Next step is stools for the bar and a pub table. More pix to come once we get things hung on the wall!!!

We started this about 6 months ago. Tearing out everything in the basement. New bar, new lights, new tile, new carpet, new paint.... You get the idea. The TV and stereo cabinet are in and finally hung permanently. They're perfect.

Saturday, July 26, 2008

Special announcement for Lyco Lax...

This email was received this past week by the Lycoming Women's Lacrosse Team. Thanks to everyone who participated in the Pink Out. It helped make this happen, but the girls did a whole bunch more as well.

Hi Kara - On behalf of the Awards Committee for the Intercollegiate Women’s Lacrosse Coaches Association (IWLCA), I would like to extend congratulations to you and your team for being selected as the 2008 Team Community Awareness Award Winner. There were many outstanding teams nominated for this award, so congratulations again on being selected.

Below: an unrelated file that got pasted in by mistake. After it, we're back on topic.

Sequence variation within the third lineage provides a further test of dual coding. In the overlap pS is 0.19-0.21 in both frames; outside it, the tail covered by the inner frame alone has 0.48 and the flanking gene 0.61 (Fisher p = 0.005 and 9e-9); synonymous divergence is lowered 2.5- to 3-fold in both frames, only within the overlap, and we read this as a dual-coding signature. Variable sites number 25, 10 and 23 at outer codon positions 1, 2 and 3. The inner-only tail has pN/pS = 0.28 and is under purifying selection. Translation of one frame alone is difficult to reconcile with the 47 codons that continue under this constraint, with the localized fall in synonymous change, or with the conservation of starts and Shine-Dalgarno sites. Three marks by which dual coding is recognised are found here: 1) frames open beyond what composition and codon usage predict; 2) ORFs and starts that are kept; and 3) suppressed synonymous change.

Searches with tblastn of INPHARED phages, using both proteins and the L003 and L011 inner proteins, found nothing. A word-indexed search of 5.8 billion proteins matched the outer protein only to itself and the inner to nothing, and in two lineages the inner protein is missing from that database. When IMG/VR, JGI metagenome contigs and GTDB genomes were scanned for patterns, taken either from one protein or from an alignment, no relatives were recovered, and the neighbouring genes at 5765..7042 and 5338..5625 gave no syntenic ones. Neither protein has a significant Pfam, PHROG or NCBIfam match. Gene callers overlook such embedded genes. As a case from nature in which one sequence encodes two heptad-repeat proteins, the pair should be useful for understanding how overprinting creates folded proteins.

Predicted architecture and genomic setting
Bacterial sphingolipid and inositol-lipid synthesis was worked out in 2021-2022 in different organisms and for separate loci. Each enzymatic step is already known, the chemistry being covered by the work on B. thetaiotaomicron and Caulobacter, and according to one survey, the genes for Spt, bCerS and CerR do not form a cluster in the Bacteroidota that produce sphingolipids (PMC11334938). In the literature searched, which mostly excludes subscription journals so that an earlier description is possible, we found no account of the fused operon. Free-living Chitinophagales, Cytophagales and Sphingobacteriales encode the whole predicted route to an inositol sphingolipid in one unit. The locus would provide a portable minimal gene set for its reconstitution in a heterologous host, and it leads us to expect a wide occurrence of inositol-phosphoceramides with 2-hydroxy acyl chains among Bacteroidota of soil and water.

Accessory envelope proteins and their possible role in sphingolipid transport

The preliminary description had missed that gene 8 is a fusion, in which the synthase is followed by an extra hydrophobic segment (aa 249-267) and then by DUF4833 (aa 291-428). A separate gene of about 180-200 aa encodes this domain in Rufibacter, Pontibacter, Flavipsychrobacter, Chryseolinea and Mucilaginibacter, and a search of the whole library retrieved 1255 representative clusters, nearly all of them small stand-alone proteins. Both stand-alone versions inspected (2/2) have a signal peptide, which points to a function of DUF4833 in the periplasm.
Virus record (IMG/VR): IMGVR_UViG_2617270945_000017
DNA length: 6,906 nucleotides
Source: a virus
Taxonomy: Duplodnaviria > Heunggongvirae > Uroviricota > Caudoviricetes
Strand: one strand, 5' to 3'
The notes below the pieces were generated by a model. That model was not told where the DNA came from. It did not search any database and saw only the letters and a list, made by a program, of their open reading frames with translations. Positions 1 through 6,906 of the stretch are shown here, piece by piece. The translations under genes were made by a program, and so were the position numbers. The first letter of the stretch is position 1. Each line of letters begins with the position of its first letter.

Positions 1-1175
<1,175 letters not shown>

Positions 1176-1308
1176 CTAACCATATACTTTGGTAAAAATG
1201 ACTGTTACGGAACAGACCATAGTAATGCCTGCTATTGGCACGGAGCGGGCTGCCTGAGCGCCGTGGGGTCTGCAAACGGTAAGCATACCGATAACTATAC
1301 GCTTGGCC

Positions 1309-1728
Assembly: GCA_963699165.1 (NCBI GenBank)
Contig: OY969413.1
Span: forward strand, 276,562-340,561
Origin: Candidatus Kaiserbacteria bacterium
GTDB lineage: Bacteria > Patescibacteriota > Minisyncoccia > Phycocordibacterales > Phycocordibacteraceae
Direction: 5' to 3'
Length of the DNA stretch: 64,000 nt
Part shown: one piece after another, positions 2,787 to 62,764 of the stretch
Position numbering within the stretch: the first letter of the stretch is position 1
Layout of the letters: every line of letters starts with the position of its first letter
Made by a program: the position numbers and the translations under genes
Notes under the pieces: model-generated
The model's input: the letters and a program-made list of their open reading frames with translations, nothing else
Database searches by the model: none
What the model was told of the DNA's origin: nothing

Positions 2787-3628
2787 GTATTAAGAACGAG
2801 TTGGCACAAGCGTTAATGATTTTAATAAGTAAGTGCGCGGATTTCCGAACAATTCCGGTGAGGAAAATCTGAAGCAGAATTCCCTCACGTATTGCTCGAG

The award will be presented to you at the Awards Banquet at the IWLCA Convention. A media release announcing the award will go out the week of the convention.

Again, Congrats!

Allison


Allison B. Valentino
Associate Head Lacrosse Coach
United States Naval Academy
151 Cooper Rd
Annapolis, MD 21402
410-293-5541
Fax: 410-293-5526
www.navysports.com

Friday, July 25, 2008

Still at the Beach

We're still here.... The boys and I are at least. Alex went home on Thursday to work on Fri/Sat. It's been fun, but deep down inside it hurts not having Chris here. Every seashell I see I think of her. I went for a walk yesterday down the same beach we were at the last time we were here. I made it half way....

More later....

Friday, July 18, 2008

Off to the beach...

Well I finally had a chance to meet Mr. Andy Buerger. This gentleman is the person responsible for creating the Climb for Hope program that raises fund for Dr. Emens research for a Stage IV vaccine to treat breast cancer patients.